Valerie Forgues, producer at Domaine de la Méchinière, has seen her fair share of difficulties in her efforts to preserve the estate. In 2008, with no viticulture or winemaking experience, she pursued learning from other nearby vignerons so as to save her home, the place in which her sons had grown up, from bankruptcy. With guidance from former producers Catherine Roussel and Didier Barrouillet of the famed Clos Roche Blanche, she began to work her 16 hectares. Fast forward to today and she's farming organically, using native yeast fermentations, and harvesting all of her grapes by hand.
Her story is powerful and Louis/Dressner Selections interviewed her back in 2017. Below are excerpts from that interview. Read it to learn more about her story, one of perseverance.
- Erica Christian
To answer your question about the estate, love is what brought me here. It was a decision I made with my ex-husband about 20 years ago. I knew nothing about wine.
He was also very helpful in actively engaging me, in encouraging me to come see the work in the vines, what different choices meant, etc... He also made me understand that if I really wanted to do this, just how much responsibility it really meant. From managing employees to working the tractor, he showed me the way.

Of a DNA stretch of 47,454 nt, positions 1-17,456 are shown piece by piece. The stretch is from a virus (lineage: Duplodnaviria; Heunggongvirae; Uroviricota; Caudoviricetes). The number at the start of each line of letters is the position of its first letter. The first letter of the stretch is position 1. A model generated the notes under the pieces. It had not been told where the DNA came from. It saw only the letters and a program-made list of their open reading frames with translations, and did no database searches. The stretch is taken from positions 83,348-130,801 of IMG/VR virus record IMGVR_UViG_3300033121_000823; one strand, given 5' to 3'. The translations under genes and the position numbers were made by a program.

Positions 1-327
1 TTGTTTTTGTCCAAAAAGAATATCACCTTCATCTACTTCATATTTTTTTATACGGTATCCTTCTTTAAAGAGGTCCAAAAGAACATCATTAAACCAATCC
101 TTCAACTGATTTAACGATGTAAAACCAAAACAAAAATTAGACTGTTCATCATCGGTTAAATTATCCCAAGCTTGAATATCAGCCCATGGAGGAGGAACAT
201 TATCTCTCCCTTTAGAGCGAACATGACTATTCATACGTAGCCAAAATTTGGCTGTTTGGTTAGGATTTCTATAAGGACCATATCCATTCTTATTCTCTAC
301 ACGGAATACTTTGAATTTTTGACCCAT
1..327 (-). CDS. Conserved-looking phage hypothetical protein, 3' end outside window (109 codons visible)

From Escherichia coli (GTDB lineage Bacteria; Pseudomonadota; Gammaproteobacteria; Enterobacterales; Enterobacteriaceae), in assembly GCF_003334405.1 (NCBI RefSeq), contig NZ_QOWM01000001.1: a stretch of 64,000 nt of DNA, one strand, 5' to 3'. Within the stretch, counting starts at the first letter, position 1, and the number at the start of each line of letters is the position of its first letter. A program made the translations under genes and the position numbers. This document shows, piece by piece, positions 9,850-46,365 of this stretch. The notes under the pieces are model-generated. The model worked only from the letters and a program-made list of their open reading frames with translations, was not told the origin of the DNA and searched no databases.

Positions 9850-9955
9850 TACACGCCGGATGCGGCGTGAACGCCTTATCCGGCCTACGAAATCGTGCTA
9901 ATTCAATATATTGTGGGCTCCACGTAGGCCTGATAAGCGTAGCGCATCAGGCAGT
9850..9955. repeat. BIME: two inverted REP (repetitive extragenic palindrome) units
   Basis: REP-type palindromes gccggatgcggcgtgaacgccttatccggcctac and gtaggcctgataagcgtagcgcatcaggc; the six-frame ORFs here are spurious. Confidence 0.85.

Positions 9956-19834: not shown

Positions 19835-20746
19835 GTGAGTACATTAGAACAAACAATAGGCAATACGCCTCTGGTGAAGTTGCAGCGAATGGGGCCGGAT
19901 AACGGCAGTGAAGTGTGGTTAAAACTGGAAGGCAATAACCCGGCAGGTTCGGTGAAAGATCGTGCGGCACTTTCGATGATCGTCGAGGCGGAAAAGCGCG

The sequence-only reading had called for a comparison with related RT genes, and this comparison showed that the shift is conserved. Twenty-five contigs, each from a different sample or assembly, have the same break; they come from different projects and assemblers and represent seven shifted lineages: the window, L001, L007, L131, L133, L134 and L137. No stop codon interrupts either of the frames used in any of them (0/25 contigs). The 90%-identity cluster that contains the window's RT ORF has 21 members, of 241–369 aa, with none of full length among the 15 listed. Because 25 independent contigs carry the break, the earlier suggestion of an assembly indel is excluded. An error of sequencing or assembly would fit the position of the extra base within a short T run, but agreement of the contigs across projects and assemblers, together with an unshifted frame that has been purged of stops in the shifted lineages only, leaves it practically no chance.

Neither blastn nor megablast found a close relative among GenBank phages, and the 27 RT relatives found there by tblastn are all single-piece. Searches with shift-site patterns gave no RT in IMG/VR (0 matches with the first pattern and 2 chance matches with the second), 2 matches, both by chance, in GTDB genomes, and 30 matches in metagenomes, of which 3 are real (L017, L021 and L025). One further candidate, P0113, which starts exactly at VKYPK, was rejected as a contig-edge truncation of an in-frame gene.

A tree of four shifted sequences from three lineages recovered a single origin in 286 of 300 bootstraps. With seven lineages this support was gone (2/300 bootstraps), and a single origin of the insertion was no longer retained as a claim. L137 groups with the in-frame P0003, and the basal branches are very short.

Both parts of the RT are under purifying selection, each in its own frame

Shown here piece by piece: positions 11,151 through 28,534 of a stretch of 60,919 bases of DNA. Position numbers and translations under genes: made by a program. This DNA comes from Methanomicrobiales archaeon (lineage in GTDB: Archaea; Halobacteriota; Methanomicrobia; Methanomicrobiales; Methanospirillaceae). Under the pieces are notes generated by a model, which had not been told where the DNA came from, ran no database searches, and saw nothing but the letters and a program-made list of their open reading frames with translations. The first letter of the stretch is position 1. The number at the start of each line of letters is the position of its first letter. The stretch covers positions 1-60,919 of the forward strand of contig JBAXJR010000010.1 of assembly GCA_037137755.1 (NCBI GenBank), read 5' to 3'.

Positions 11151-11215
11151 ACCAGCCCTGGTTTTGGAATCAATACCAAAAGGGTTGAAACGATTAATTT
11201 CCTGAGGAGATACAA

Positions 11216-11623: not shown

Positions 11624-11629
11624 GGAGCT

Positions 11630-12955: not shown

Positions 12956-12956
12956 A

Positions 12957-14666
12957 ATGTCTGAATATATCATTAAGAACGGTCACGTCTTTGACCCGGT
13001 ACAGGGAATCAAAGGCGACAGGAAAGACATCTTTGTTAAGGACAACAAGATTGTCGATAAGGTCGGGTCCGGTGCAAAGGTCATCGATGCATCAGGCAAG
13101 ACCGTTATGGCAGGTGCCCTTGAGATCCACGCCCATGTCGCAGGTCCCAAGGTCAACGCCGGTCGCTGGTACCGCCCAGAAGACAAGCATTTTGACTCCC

It was hard though, because of course having him around meant a constant reminder of my ex-husband. It also bothered me because at that point Didier would swing by occasionally and point out that his work was extremely conventional. Didier’s philosophy and vision of agriculture resonated with me in a way my brother-in-law’s did not.
I think that it was around 2011 that the collaboration was fully under way. He was helping me in the vines, constantly tasting from vat, giving his advice... It all happened very naturally. As far as converting to organic viticulture, which I began in 2013, these are the moments of our collaboration that I remember most vividly. It started with an argument: he told me that at the point I’d progressed, that I should take the next step and convert the vineyards. I told him to hold his horses: this meant making an already demanding job even harder! I had to ensure I was bringing fruit to the cellar!
I could never have taken such a big risk without his help, so he agreed he’d be there every step of the way to help me convert. And you know how it is: for someone to commit voluntarily (and benevolently!) to such a huge undertaking, he’s got to believe in the final result!